Jul 302014

Found on the back of a 1963 issue of “Space World” magazine was this piece of artwork depicting an unusual – and perhaps fanciful – spacecraft. The same artwork had appeared earlier – at least as far back as 1961 – in a magazine ad for the Garrett AiResearch corporation. The artwork was thus *probably* created in-house at Garrett. Since Garrett was a manufacturer of turboprop engines and electronics, not an aircraft or spacecraft design firm, this is unlikely to have been a serious engineering effort. Still, it’s interesting to see what level of *apparent* effort the PR divisions of numerous companies went to back in the glory days of the Space Age.




 Posted by at 7:24 am
  • George Allegrezza

    A great book that touches on the advertising artwork of this period, both fantastic and realistic, is “Another Science Fiction” by Megan Prelinger.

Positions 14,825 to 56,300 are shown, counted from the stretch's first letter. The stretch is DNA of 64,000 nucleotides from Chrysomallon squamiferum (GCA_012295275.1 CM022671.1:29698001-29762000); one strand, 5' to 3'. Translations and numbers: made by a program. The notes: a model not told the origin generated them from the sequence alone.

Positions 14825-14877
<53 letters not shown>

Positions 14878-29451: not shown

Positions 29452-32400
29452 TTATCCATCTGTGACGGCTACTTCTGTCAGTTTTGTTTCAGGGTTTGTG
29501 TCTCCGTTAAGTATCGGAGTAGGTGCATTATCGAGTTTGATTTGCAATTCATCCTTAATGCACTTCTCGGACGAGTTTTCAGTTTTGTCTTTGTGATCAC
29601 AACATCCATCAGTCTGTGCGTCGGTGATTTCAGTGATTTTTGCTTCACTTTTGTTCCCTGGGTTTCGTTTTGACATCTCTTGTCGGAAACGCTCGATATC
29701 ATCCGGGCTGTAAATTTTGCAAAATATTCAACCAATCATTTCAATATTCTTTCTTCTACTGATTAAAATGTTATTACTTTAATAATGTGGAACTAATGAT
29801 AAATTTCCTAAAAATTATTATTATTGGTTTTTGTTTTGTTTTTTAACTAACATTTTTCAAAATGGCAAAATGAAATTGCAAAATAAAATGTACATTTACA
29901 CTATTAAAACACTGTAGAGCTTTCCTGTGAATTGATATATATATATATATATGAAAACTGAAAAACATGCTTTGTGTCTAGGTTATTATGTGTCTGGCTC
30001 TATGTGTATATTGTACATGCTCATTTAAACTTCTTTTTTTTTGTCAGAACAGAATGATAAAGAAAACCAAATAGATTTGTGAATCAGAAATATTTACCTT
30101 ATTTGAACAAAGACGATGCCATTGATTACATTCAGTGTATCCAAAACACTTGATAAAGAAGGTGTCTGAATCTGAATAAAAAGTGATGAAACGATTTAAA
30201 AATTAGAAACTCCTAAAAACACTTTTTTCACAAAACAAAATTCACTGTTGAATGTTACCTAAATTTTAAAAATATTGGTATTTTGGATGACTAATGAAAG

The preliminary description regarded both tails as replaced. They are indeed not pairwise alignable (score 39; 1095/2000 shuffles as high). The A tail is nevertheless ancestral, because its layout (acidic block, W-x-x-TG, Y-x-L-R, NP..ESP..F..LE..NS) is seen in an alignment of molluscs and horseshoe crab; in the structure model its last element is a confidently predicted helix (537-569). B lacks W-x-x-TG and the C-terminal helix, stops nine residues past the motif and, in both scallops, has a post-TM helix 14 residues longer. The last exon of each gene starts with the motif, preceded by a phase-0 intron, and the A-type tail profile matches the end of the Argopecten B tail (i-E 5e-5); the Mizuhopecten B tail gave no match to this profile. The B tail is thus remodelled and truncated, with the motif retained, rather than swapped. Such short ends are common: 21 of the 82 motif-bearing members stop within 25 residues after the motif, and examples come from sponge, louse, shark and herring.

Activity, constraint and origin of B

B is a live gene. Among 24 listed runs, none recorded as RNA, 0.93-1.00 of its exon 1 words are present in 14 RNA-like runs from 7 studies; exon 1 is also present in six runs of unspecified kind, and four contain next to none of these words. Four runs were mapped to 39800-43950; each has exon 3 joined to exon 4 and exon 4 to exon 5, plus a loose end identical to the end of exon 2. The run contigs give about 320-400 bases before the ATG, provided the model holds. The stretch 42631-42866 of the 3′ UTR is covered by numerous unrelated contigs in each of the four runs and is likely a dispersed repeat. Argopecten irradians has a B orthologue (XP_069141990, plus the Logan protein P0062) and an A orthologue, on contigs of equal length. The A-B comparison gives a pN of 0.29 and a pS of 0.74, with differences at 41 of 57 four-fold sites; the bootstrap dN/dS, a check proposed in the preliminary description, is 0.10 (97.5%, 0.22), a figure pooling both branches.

• Anonymous

    What, powerpoint “art” isn’t good enough?

  • Bob

    Looks like a scene from the old Men Into Space series.

  • Cambias

    It looks like an American Soyuz. Was the cockpit/reentry capsule supposed to be a lifting body, perhaps?

    • Chris Jones

      I’m guessing the whole thing is a piece of art with not much real engineering behind it. I doubt if the idea of a lifting body even crossed their mind. I don’t understand “reentry turbine”, but it seems like there’s cryogenic propellant (so, at least LOX) for reentry, which NO ONE has ever used for reentry or for orbital maneuvering systems (as opposed for major propulsive maneuvers like trans-lunar injection). It looks like the crew in the rear compartment are in shirt sleeves while the guy in front is possibly in a sealed pressure suit. Even so, I can’t spot a hatch the guy outside could have used to exit or reenter the spacecraft.

  • Anonymous


  • XBradTC

    Garrett bid on the environmental controls for Apollo. I can’t recall if they won or not, but basically everyone in aerospace bid on one part or another of the program.